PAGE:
The odour is faint, mealy.  

Showing underside and the distinctive ring

Showing the cap

It looks an innocent little mushroom, but clearly looks can be deceptive.
Thank you to Howard Williams for helping me to identify this mushroom.

Wednesday 18 September 2019

Oudemansiella mucida - Porcelain Fungus

Oudemansiella mucida - Porcelain Fungus

I have to give credit to my son for finding this beautiful little fungus.  Whilst I was busy photographing a Russula he had spotted some huge brackets and then saw the Porcelain Fungus growing in profusion on a large dead beech tree.

Having always admired the delicate beauty of this fungus in books, it was just great to see it first-hand.  We spent a long time taking photos of this discovery at various stages from very young to mature.  Both of us captivated by it.  It is like pure white porcelain that has morphed into a fungus! And just begs to be photographed.


Cap up to 8 cm across, when young grey, slowly turning white. Semi-translucent, slimy.  Looks shiny. Gills distant, pure white. Stem also white, striate above the ring which is membrane like and delicate. To be found on dead beech in clusters; sometimes large. Later Summer to Autumn.  Common.

Showing top of the cap

Showing distant gills and membrane ring
Showing a cluster with young examples

Showing cap and stem

Friday 6 September 2019

Polyporus loptocephalus - Blackfoot Polypore

Polyporus loptocephalus - Blackfoot Polypore

Only my second sighting of this little Polypore.  The first being on a golf course in Angus Scotland several years ago.  This time it was on my own patch in Derbyshire, England!  It was growing in isolation on a broken twig lying on the ground amongst leaf litter.  The specimen in Scotland was as its maximum size which is 10 cm across.  This tiny little one was about 2 cm across but perfectly formed.  The black marking towards the base of the stem being a perfect example of why it gets its name.


Cap 1-10 cm across, funnel-shaped with an irregular margin edge.  Indented at the point where the stem attaches.  Oche-brown becoming tan with age.  Finely lined.  Pores white later becoming brown. Stem approx up to 5 cm, narrow with blackening at the base.

Showing cap

Showing the black marking at the base of the stem 'Blackfoot'

Close-up of cap

Monday 12 August 2019

Enteridium lycoperdon

Enteridium lycoperdon

Enteridium lycoperdon is a member of the Myxomycetes most usually referred to as Slime Moulds.  
The majority of these are very tiny but a few can be seen with the naked eye.  A very primative fungus and a subject in itself.

Wandering around my allotment earlier this year I came across Enteridium lycoperdon.  It was larger than previous ones I'd seen, and a week or so later it had burst releasing a mass of brown spores.  Having never seen the spores burst out I thought I'd share the photographs in this post.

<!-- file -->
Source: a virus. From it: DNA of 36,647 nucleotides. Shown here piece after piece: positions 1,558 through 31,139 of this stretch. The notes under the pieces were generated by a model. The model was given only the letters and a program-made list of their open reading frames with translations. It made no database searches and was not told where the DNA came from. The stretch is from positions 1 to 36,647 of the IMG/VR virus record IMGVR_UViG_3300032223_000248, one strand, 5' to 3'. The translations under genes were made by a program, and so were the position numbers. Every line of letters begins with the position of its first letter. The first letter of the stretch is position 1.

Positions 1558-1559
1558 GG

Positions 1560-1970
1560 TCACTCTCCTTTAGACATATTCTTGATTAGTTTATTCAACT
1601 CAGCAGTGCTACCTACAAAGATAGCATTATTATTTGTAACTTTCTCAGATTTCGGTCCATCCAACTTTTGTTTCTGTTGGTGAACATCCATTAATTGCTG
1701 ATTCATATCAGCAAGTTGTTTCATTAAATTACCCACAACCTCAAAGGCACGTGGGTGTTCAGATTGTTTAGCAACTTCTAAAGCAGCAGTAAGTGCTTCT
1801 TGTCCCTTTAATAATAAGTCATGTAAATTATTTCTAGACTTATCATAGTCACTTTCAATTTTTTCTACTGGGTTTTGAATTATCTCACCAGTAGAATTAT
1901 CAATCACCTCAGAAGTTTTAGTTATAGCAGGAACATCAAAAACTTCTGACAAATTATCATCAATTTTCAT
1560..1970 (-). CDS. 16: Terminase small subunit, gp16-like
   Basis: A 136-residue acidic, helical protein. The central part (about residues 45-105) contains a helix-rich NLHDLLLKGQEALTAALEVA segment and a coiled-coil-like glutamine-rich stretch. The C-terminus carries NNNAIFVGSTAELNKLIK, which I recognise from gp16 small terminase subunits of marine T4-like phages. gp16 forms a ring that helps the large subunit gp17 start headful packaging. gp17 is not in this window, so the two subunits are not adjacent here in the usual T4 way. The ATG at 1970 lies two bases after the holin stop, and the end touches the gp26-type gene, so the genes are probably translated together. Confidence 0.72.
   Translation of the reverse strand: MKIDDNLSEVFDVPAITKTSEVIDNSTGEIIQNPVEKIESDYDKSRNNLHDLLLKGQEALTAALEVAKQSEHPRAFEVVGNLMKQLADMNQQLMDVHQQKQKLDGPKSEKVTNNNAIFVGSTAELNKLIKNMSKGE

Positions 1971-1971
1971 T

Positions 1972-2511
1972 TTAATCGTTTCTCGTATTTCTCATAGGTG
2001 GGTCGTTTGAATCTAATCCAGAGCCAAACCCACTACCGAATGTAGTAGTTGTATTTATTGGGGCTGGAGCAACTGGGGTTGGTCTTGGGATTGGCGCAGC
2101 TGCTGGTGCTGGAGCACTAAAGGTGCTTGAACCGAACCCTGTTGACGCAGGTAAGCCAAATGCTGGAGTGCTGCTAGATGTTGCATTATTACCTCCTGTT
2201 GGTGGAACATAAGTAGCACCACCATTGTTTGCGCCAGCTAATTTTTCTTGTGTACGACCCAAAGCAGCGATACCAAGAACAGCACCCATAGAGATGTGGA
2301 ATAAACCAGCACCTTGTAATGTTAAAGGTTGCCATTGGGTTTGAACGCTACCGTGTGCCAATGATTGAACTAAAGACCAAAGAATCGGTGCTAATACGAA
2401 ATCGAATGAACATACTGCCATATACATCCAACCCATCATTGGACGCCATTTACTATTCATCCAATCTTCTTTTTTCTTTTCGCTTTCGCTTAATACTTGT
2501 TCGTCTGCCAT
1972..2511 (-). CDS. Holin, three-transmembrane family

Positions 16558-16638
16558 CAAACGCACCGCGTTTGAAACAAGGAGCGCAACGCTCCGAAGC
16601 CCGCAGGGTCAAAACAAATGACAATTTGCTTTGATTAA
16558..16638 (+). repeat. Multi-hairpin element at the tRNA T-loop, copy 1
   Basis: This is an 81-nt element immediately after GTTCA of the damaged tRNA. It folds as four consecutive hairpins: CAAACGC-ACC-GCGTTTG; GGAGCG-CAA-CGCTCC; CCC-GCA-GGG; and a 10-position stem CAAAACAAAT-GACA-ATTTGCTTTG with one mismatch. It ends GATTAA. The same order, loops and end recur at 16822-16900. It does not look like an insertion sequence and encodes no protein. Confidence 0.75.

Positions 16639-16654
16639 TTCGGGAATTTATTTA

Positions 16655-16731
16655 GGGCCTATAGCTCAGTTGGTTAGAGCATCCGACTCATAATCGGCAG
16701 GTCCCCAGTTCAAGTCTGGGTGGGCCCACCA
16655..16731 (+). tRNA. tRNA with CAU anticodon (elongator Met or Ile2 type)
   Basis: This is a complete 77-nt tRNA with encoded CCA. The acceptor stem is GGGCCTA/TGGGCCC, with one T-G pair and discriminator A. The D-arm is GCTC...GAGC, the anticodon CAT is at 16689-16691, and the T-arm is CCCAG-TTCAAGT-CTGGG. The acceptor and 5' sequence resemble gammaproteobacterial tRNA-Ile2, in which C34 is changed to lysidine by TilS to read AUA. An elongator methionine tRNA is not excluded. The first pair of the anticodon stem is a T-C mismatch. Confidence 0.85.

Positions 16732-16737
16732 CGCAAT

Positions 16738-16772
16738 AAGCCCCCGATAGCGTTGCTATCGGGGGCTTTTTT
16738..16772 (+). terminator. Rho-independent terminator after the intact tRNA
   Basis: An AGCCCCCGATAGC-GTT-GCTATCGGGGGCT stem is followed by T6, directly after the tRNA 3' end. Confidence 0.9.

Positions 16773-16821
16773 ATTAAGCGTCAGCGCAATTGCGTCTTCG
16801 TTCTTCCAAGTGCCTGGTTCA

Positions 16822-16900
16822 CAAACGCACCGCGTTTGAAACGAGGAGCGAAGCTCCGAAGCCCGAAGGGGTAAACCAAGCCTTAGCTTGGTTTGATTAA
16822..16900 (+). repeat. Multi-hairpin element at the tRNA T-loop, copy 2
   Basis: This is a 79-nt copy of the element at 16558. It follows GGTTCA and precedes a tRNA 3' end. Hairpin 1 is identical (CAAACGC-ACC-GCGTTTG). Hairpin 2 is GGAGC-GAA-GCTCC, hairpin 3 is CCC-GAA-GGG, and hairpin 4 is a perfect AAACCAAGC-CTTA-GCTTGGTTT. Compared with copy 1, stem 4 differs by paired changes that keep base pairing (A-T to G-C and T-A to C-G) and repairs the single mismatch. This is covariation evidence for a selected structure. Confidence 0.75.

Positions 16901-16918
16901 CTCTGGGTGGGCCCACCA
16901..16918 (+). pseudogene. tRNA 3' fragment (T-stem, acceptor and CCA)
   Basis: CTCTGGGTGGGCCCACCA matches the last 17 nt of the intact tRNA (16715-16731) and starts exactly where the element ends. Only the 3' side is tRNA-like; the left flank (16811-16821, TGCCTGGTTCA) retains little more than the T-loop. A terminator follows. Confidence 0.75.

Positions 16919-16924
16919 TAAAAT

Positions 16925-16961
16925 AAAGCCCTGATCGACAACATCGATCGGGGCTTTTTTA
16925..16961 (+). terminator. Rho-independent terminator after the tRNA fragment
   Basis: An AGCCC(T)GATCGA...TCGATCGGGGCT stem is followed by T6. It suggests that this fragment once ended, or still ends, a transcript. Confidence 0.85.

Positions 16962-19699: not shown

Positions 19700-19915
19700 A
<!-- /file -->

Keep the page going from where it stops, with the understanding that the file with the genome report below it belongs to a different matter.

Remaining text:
Characteristics: medium to large sized whitish cushion.  Can feel rubbery and soft.
At maturity it breaks down to expose reddish brown spores.  Usually to be found on dead trees but usually the tree is still in the ground.  Can be seen throughout the year but mostly in the Spring.

Cushion-like fruit body

Reddish brown spores exposed

Monday 8 July 2019

Peziza cerea - Cellar Cup

Peziza cerea - Cellar Cup

I received an email from a friend who notified me that he'd found a fungus growing in his garage.  Off I went later that day to take a look. It's not every day that I go to investigate a fungus growing inside a building.

Cellar Cup is often to be found on rotting sandbags, sacking, damp mortar and soil between damp paving stones.  Fundamentally this fungus likes damp and moist conditions.  I came across Cellar Cup a long time ago - that example was growing on discarded sacking.  The example included in this post was covered in cobwebs but in prime condition.

Characteristics:  Cup 1-5 cm across, cup-shaped, yellowish - buff with a paler inner surface.  The outer surface is similar but can be darker with a scurfy texture that darkens towards the base.
This is an occasional fungus.

Below are some photographs.

Perspective showing the size 
Showing young

Monday 1 July 2019

Psathyrella ammophila - Dune Brittlestem

Psathyrella ammophila - Dune Brittlestem

Within 24 hours of arriving at Arbroath on the East coast of Scotland my friend took me to Carnoustie beach. A small sand and rock beach with some sand dunes remaining.  Some of the dunes have vanished over the years as sea defences have had to be built.

It's a real treat for me to visit the coastline and am always on the lookout for mushrooms that grow in such a habitat.  On the walk back to the car park I stumbled across a handful of Dune Brittlestem.  I find it amazing that fungus can survive in such a hostile environment surrounded by marram grass.  Anyway it made my day as they were at their prime and the photographs are below.


Cap up to 3 cm across.  Clay coloured, slowly turning darker brown with ultra fine hairs that are only visible with a magnifying glass.  Gills initially pale then dark brown and finally black.  Quite broad and close.  Stem pallid brown, smooth, virtually equal, slender and slightly rooting.  No ring.  Can be hollow.  To be found in local dunes between May and September.

Showing the pale cap in the marram grass

Showing the crowded gills

Showing the pale stem and the slight 'root'